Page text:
It wasn’t that long ago that IT professionals were hired for their IT knowledge and specialisation. The so-called hard skills they learned through education, training, certification, and on-the-job experience were all that was important.
Now we see a shift in what organisations are expecting from cyber professionals in particular. The most prevalent trend for new IT roles is a large emphasis that’s placed on soft skills.
The inclusion of soft skills to the list of wanted skills for IT and cybersecurity roles shows that the field is maturing.
The West Monroe Partners study “Closing the Technology Leadership Gap” reveals that 98 per cent of HR leaders confirmed they place high importance on soft skills for getting a technology position, and a staggering 67 per cent didn’t offer a job to a candidate with all hard skills because of lack of soft skills:
Soft skills are an integral part of the individual’s personality. They determine how an individual will respond to pressure and different circumstances in the workplace, how they will adapt to changes and interact with others.
This shift in requirements is partly due to changes happening to the role of IT and cyber professionals within organisations now—they aren’t an isolated unit that just keeps things running.
They are becoming an integral part of the C-suite, with CIO, CSO, CISO, CTO, CDO roles helping IT contribute to business success.
Recently, IT and cyber pros are in more and more contact with the board or key decision-makers. They must have a proactive approach, and they must ensure that IT is in sync with the organisation’s long-term goals.
Most important of all, they must be able to develop strategies that will help achieve such goals and have the means to explain these strategies and complex subjects from their field to stakeholders who do NOT possess hard IT skills and won’t understand the technical focus that will make it possible.
And while there are cybersecurity and IT talent shortages across the globe, organisations are demanding that IT and cyber pros have a good set of soft skills, and opting to leave the role vacant for longer if necessary.
Their reasoning? It’s easier to teach hard skills than soft skills.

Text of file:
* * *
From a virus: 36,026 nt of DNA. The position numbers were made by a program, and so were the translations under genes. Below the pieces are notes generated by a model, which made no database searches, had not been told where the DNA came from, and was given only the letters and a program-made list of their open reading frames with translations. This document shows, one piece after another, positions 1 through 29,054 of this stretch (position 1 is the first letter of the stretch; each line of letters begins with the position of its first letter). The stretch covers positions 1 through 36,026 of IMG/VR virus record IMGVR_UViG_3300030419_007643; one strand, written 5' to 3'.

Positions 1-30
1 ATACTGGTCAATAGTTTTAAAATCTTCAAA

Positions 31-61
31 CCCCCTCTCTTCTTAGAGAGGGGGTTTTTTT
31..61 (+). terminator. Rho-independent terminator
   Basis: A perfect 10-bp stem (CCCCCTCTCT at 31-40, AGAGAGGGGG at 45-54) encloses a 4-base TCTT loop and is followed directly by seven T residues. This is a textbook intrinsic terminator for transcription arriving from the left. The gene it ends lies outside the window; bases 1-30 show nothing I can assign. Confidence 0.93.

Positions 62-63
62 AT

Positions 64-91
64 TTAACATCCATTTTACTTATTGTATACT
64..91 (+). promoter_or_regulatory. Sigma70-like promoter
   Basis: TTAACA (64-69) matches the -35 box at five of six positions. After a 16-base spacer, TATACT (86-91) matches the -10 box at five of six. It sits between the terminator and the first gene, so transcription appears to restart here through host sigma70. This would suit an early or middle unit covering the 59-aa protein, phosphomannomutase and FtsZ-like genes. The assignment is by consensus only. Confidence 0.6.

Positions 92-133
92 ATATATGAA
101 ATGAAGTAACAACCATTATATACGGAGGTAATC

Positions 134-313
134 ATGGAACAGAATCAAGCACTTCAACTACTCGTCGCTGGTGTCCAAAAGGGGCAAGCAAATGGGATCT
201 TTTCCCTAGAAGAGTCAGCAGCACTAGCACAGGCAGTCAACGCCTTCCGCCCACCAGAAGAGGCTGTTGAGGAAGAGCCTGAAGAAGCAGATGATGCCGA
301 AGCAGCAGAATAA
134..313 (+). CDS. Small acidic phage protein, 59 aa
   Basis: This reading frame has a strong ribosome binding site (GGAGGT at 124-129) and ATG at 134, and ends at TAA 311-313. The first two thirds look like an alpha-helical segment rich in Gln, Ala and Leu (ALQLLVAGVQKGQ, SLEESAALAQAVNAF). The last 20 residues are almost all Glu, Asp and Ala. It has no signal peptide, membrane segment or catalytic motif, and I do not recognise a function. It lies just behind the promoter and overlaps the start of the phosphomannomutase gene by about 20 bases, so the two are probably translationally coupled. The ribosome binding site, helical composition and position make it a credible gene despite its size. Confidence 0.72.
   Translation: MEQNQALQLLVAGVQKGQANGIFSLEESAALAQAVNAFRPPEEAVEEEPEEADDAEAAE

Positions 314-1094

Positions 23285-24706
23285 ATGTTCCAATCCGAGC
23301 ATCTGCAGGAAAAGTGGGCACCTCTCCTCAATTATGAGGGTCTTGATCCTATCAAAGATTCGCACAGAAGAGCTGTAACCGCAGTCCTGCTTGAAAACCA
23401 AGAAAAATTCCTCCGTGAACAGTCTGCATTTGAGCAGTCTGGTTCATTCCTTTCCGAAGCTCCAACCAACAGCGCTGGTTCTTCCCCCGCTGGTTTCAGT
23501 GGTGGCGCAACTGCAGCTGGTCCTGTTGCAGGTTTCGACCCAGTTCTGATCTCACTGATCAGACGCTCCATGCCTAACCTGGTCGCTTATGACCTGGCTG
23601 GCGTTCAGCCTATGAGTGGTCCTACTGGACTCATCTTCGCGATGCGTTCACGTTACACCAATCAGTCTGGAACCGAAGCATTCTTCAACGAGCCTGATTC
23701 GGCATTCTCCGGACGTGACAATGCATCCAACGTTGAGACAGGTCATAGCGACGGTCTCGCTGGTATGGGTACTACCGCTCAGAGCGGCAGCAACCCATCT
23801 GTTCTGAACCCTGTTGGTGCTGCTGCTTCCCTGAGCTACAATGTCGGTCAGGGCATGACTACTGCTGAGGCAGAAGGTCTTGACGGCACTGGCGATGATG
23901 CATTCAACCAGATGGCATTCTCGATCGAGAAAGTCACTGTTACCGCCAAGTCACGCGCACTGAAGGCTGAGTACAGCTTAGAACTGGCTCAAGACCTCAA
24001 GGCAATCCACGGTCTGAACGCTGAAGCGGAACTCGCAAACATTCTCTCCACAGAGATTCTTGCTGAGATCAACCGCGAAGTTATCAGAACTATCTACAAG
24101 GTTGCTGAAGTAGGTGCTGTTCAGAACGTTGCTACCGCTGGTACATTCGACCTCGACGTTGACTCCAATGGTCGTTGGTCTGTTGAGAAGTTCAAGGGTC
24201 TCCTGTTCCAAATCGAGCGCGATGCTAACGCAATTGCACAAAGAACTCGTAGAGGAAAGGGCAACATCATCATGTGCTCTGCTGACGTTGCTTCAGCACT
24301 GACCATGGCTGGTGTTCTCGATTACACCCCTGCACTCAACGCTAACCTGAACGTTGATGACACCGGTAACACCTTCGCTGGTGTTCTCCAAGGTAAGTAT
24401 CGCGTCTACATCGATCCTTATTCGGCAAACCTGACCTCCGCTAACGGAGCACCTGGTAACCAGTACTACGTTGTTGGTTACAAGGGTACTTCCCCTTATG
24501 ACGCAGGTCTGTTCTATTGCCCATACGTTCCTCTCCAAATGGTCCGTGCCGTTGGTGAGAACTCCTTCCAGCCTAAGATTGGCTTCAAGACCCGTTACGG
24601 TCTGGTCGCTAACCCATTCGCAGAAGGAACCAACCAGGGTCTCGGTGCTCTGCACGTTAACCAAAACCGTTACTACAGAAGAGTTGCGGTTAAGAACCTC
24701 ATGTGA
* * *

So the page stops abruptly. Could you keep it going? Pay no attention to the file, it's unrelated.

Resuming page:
While this might be true, teaching soft skills will yield good ROI as well, as was demonstrated at MIT. It will take a while for organisations to offer professional development in soft skills, so IT and cyber pros might want to focus on developing these on their own. Doing so means being able to command a much higher salary and benefits.
Whenever an IT or cyber pro can’t use their vast knowledge and experience to get an approval for new solutions or strategies, a soft skills gap might be the culprit for it—communication skills, in that particular case.
In the digital era, IT and cyber pros have become a go-to source to help with crucial business decisions. By using the right tools and language, IT and cyber specialists can make the board understand the impact of new IT and cybersecurity developments in a way that matters most—the financial impact on the company bottom line.
IT pros who are well-versed in soft skills and know their way around business terms will have an easier time presenting their findings in front of the board. The most important soft skills for the IT field will be:
What soft skills play the most important role depends on the IT role within the company.
The biggest issue with soft skills is that it’s hard to teach and learn them, but it is not an impossible task.
The only way to get better at soft skills is to practice using them. The first thing you must do is to identify areas that you struggle with. Everyone has their strengths and weaknesses, so find out what yours are and then improve.
Here are a few tips on improving your soft skills:
Most important of all, always be willing to continue learning and improving your skills. The IT and cybersecurity landscape is changing rapidly and will continue to do so. So professionals in the industry need to keep up.
Cyber and IT pros must be willing to update their knowledge and share their insights and strategies with everybody else in the company and work on improving their soft skills to make communication and presentation efficient and easy to understand.
Explain why/how your solutions work, to a non-techy audience.